Bally's Health & Tennis Corp. served up an economic development victory for the Glendening administration yesterday, announcing plans to remain in Towson and add 130 jobs to its regional operations center there.
The Chicago-based fitness club operator's pledge to remain here rather than move several hundred jobs to Michigan came in exchange for a $1.7 million incentive package from the state and Baltimore County.
Bally's had threatened earlier this year to relocate 450 jobs to Michigan -- where it maintains the second of three operations centers nationwide -- as part of a corporate consolidation unless state economic development officials provided financial incentives to lower the company's costs.
"We didn't think it was a threat that could be ignored," said James T. Brady, secretary of the state's Department of Economic and Employment Development. "There was a case to be made that Michigan could meet their needs, and we felt we really needed to win this one."
As a result, the nation's largest health club chain is expected to close its Michigan operation and keep its offices in the 11-story Hampton Plaza office building, near the Towson Town Center.
Although jobs will be offered to its Michigan employees, the company expects most of the additional Towson workers to be hired locally.
Bally's is one of Towson's largest white-collar employers and has an annual payroll there of $13 million. With the addition of the new jobs, Bally's payroll will jump by $2 million a year, and the state and county income taxes paid by its workers will grow by more than $150,000 a year.
The company plans to use the state and county financial incentives to help purchase $3 million worth of new computer and telecommunications equipment and train both new and existing workers.
The bulk of the incentive package is in the form of a $1.5 million, low-interest loan from the state, which must be approved by the state General Assembly's legislative policy committee.
"Our decision was based on a combination of studying our current occupancy costs and costs of operating going forward," said David M. Tolmie, the company's vice president of planning and development. "It was very much an economic decision. They didn't give us all we asked for, but we think we worked out a fair proposal."
Both Mr. Brady and Baltimore County officials cited cooperation between the state and county, as well as the private sector's involvement, in keeping Bally's.
"Business and government must work together, and this is a case where the private sector really came through," said Baltimore County Executive C. A. Dutch Ruppersberger. "We couldn't have done this without [Hampton Plaza owner] Willard Hackerman. He really helped move the deal along."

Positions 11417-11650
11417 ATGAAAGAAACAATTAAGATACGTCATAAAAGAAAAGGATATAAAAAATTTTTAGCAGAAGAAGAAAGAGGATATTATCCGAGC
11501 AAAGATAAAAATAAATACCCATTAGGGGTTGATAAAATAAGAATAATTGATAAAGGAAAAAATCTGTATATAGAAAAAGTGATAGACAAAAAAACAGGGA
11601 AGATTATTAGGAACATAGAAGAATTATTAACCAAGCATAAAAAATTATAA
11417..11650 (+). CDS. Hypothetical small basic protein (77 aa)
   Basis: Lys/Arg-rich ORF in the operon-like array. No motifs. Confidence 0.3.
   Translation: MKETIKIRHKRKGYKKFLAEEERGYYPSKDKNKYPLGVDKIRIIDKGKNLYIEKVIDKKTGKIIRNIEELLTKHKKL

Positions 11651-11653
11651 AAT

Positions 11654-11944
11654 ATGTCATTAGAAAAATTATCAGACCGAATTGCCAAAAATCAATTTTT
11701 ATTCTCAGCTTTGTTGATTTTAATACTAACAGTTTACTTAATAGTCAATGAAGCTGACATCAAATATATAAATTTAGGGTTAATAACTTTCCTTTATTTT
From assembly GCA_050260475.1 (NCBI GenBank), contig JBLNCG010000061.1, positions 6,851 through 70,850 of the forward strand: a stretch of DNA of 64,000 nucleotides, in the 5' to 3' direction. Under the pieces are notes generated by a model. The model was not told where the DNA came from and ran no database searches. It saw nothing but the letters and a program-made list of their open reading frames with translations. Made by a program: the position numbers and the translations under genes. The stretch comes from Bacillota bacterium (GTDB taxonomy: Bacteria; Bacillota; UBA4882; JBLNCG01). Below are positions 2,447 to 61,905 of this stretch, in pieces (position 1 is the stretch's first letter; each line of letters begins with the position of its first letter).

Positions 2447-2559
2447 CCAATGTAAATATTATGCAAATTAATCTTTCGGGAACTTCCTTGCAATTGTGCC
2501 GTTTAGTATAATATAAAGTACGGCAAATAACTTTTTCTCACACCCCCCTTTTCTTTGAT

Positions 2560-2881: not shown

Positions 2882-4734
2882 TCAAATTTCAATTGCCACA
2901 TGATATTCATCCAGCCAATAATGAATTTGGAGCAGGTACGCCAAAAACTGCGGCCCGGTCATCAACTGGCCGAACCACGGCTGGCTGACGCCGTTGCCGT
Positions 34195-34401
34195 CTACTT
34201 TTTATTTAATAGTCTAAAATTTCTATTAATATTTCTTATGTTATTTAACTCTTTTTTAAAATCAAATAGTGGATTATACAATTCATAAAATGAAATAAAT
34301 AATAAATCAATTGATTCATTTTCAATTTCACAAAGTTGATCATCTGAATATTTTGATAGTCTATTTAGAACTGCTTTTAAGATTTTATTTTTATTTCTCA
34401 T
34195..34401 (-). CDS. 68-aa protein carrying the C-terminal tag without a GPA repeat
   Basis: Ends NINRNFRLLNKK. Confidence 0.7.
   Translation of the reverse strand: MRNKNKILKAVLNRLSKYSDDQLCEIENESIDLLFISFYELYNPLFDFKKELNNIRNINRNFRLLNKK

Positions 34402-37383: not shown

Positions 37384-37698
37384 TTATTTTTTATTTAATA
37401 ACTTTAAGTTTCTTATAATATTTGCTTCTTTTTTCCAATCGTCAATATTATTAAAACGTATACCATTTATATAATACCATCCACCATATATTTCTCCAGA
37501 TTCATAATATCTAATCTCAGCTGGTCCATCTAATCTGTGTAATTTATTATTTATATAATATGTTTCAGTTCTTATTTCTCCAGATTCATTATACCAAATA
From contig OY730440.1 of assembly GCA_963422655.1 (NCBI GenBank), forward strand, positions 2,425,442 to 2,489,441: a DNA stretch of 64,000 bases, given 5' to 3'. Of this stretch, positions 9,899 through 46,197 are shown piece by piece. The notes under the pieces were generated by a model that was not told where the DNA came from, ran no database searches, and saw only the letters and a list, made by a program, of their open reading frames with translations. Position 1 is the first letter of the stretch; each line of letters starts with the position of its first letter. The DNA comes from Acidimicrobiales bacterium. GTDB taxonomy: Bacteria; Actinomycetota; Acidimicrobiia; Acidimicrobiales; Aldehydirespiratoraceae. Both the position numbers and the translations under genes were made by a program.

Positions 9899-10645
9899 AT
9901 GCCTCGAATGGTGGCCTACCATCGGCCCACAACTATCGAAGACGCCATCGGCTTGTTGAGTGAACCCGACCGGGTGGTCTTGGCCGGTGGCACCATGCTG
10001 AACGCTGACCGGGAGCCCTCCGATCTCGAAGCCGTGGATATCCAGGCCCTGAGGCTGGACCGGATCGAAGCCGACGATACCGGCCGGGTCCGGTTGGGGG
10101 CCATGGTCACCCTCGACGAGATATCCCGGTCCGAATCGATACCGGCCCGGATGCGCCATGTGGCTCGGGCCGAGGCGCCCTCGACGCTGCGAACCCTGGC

Mr. Hackerman, who also is president of Whiting-Turner Contracting Co., could not be reached for comment.
Bally's, a $600 million unit of casino and hotel owner Bally Entertainment Corp., operates 340 health clubs nationwide in 27 states and employs more than 17,400.
Its Towson operation, which includes data entry, collections and information services, dates to 1989, when the company bought an interest in the former U. S. Health Corp. for $55 million.
Bally's represents the second major business retention by the Glendening administration since taking office earlier this year. In February, the state beat Pennsylvania in a contest for a McCormick & Co. distribution center employing 150, by providing a package valued at $20 million. By comparison, McCormick's package contained $5 million in grants and similar aid and $15 million through a low-interest loan.
The state's financial muscle hasn't always meant the difference in keeping companies in Maryland, however.
Last week, Campbell Soup Co. announced that it would shutter a Chestertown plant and eliminate 240 workers as part of a corporate consolidation.
And Campbell's plans came on the heels of an economic development defeat for Mr. Glendening in the General Assembly, when lawmakers refused to repeal a tax on snack foods.
But even as they celebrated the Bally's victory, state economic development leaders warned that there were limits to the state's generosity in doling out financial incentives.
"We're fully prepared to tell some companies that we simply can't do what they're asking," Mr. Brady said.